Founders Journal 90 · Fall 2012 · pp. 14-20
Ten Principles for Church Song
From the DeYoung, Restless and Reformed Blog
(Gospel Coalition), June 28 and 30, 2011
Used by Permission
When it comes to singing on Sundays, churches have more options than ever before. From hymnals to Hillsong to homegrown creations, pastors and worship leaders have thousands of songs to choose from. A nice problem to have.
But still a problem. No music leader or pastor can keep up. No church can sing all the great hymns and all the latest greatest songs on the radio. No musician can excel in all the available styles. No leader can please all the people all the time.
The proliferation of choices often leads to conflict. Should we do hymns (Wesley, Watts, or Fanny Crosby?) or contemporary (70′s folk music, early seeker service contemporary, or edgy punk rock?). Should our music have a Latin flavor or an African American feel? Should we use chants, chorale music, metrical psalms, jazz, country western, or bluegrass?
There are other questions too. What sort of instruments should we use? How much should cultural context come into play? Is there only one right kind of song to sing? If not, are there any wrong ways?
I can’t possibly answer all those questions. But there are some general principles we can use to make wise decisions with our church music. Let me suggest ten principles for congregational singing.
1. Love is indispensable to church singing that pleases God.
There are more important things than the kinds of songs we sing. Music should not be the glue that holds us together–the cross, the glory of Jesus Christ, the majesty of God, and love should. But even churches centered on the gospel disagree about music. So love is indispensable when we sing and when we are trying to discern what is best to sing.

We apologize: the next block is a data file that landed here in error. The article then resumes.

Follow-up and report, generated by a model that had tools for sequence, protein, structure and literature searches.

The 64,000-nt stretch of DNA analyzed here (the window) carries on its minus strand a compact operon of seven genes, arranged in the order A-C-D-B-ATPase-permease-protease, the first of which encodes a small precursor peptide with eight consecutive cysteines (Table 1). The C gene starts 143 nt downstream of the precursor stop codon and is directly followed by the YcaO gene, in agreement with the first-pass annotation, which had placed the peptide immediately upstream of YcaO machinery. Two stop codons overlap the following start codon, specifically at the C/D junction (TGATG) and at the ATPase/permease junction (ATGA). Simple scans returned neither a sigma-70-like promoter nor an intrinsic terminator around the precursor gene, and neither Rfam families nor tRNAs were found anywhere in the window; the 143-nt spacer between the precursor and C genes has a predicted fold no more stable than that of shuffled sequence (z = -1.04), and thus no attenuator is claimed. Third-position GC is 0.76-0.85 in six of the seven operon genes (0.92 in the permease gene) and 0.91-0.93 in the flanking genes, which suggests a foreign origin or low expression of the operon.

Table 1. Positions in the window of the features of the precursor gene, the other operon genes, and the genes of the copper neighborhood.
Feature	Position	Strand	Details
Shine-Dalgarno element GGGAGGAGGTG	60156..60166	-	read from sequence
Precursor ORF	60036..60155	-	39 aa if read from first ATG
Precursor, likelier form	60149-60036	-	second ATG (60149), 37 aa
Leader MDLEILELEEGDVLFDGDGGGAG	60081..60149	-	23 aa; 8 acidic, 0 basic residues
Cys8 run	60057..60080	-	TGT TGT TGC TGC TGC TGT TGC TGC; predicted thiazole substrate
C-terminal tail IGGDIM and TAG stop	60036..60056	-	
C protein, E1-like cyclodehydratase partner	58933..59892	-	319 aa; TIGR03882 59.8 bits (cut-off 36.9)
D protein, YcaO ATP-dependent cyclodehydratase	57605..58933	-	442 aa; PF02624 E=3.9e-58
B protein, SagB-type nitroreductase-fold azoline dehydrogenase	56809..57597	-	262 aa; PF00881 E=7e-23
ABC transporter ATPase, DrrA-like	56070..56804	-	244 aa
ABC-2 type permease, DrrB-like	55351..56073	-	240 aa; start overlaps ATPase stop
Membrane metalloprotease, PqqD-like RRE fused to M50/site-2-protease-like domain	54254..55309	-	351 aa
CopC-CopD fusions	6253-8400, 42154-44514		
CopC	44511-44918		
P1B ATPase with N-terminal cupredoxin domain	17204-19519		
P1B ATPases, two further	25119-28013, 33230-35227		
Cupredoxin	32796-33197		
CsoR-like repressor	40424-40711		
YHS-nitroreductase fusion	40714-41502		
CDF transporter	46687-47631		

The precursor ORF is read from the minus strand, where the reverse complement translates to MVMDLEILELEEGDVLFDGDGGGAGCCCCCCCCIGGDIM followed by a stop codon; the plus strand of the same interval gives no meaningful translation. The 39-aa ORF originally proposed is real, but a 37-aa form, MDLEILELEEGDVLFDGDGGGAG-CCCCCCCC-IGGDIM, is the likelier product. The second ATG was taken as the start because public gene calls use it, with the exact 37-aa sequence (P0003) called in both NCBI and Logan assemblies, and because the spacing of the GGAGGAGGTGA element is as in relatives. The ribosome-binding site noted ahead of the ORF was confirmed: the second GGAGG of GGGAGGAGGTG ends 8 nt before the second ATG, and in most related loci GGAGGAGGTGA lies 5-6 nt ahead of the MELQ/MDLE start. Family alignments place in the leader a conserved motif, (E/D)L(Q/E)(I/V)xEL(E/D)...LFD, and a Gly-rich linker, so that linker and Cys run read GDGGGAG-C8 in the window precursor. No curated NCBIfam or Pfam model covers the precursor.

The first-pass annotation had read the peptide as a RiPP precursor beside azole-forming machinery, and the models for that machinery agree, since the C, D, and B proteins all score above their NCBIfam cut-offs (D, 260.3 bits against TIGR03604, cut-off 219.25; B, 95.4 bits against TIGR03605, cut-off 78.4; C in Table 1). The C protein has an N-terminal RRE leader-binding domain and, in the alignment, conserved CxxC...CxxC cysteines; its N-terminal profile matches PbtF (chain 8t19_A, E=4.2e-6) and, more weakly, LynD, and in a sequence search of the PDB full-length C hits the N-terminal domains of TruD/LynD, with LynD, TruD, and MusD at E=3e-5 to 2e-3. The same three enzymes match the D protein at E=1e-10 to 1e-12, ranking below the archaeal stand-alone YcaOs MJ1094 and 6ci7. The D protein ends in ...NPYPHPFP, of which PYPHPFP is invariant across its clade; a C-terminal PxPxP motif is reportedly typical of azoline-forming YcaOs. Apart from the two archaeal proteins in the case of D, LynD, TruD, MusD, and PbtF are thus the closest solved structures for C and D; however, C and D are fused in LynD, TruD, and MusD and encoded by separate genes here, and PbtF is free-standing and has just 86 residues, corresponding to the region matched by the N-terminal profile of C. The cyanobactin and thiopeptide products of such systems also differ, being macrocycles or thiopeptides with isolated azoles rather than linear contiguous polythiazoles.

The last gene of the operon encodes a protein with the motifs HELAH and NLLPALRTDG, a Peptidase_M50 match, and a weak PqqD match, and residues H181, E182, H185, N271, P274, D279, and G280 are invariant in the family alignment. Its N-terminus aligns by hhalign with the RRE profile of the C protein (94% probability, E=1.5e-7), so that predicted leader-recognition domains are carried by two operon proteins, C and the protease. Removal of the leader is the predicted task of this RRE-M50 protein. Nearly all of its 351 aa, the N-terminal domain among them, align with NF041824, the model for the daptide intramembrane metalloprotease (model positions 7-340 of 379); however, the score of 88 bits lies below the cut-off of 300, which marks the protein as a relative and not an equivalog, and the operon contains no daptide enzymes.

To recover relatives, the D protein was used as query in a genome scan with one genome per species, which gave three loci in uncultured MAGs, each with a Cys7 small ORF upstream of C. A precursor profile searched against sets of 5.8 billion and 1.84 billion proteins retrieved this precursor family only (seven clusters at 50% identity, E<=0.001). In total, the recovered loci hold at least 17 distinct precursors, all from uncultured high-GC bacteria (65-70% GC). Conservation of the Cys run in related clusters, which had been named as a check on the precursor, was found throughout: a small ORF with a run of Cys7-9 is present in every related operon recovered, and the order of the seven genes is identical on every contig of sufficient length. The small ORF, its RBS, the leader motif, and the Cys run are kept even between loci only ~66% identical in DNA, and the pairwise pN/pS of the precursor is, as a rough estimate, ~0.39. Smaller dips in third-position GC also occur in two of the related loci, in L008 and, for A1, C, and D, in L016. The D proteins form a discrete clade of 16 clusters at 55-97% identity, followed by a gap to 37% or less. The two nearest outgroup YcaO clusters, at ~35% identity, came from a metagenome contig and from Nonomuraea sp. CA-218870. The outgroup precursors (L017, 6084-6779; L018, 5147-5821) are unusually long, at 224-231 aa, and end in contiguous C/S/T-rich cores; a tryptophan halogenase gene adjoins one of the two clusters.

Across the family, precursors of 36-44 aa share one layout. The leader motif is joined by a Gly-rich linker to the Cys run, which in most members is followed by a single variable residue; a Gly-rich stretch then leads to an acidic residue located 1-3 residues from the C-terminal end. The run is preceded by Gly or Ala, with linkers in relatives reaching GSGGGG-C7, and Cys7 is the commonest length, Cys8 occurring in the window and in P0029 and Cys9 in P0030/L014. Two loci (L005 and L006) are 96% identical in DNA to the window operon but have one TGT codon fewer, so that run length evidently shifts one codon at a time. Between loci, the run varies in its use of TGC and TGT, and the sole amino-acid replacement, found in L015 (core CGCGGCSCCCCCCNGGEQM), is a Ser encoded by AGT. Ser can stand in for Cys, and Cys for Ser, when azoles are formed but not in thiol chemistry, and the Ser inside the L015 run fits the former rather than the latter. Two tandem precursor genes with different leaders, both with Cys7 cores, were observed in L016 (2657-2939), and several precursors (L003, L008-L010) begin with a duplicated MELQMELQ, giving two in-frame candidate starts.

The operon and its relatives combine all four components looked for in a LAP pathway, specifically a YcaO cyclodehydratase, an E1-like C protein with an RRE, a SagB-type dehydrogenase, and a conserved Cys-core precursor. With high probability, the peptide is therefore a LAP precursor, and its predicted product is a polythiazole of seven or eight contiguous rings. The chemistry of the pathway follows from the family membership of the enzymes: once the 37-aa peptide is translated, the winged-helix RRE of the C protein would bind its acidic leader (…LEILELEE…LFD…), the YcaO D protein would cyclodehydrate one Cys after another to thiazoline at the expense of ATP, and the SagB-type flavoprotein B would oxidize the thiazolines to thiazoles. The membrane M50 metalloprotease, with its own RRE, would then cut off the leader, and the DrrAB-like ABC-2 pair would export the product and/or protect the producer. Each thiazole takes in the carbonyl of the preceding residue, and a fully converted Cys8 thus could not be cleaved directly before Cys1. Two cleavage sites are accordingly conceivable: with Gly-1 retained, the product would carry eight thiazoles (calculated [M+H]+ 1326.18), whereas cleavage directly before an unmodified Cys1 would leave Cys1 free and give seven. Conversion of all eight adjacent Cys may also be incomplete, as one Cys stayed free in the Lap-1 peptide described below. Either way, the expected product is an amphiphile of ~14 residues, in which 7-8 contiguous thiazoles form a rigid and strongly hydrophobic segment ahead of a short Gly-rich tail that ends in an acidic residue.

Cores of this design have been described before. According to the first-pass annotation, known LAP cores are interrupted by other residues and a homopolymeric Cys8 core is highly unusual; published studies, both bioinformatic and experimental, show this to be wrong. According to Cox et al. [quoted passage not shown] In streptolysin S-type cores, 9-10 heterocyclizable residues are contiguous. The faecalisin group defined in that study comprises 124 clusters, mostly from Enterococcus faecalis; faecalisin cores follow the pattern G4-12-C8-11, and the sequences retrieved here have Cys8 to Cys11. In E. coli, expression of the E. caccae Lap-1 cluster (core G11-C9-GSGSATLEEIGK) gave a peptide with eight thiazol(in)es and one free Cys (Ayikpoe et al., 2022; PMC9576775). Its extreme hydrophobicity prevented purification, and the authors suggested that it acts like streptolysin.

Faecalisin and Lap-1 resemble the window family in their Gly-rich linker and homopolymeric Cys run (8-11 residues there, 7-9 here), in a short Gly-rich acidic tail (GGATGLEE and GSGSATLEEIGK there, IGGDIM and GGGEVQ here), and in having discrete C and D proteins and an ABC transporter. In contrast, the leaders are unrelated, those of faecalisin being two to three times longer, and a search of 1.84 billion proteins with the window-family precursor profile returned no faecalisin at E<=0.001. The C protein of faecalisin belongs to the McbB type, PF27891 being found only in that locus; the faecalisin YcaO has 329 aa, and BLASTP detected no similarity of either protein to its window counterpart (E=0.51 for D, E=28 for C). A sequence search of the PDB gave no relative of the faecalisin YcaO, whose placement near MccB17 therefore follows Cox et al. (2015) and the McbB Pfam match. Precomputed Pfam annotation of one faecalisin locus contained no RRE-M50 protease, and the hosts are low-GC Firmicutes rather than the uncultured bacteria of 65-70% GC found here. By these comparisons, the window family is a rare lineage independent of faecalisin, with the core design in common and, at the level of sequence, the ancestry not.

But because he [the Lord] did not will in outward discipline and ceremonies to prescribe in detail what we ought to do (because he foresaw that this depended upon the state of the times, and he did not deem one form suitable for all ages), here we must take refuge in those general rules which he has given, that whatever the necessity of the church will require for order and decorum should be tested against these. Lastly, because he has taught nothing specifically, and because these things are not necessary to salvation, and for the upbuilding of the church ought to be variously accommodated to the customs of each nation and age, it will be fitting (as the advantage of the church will require) to change and abrogate traditional practices and to establish new ones. Indeed, I admit that we ought not to charge into innovation rashly, suddenly, for insufficient cause. But love will best judge what may hurt or edify; and if we let love be our guide, all will be safe.
Before we are quick to judge the lame songs some other Christians enjoy, remember C.S. Lewis’ revelation. Listen to one of the century’s most famous converts to Christianity talk about his early impression of church music:
I disliked very much their hymns, which I considered to be fifth-rate poems set to sixth-rate music. But as I went on I saw the great merit of it. I came up against different people of quite different outlooks and different education, and then gradually my conceit just began peeling off. I realized that the hymns (which were just sixth-rate music) were, nevertheless, being sung with devotion and benefit by an old saint in elastic-side boots in the opposite pew, and then you realize that you aren’t fit to clean those boots. It gets you out of your solitary conceit.
I imagine the Apostle Paul, if he were writing to the church today, might have something to say about our worship style. “If I sing in style of the hippest music, but have not love, I am only a banging drum or a strumming guitar. If I have a gift for reading music and enjoy the richest hymns, but have not love, I am nothing. If I am discerning of excellent music and fine poetry, but have not love, I gain nothing.” The first principle for singing as a congregation and choosing music for the congregation is love.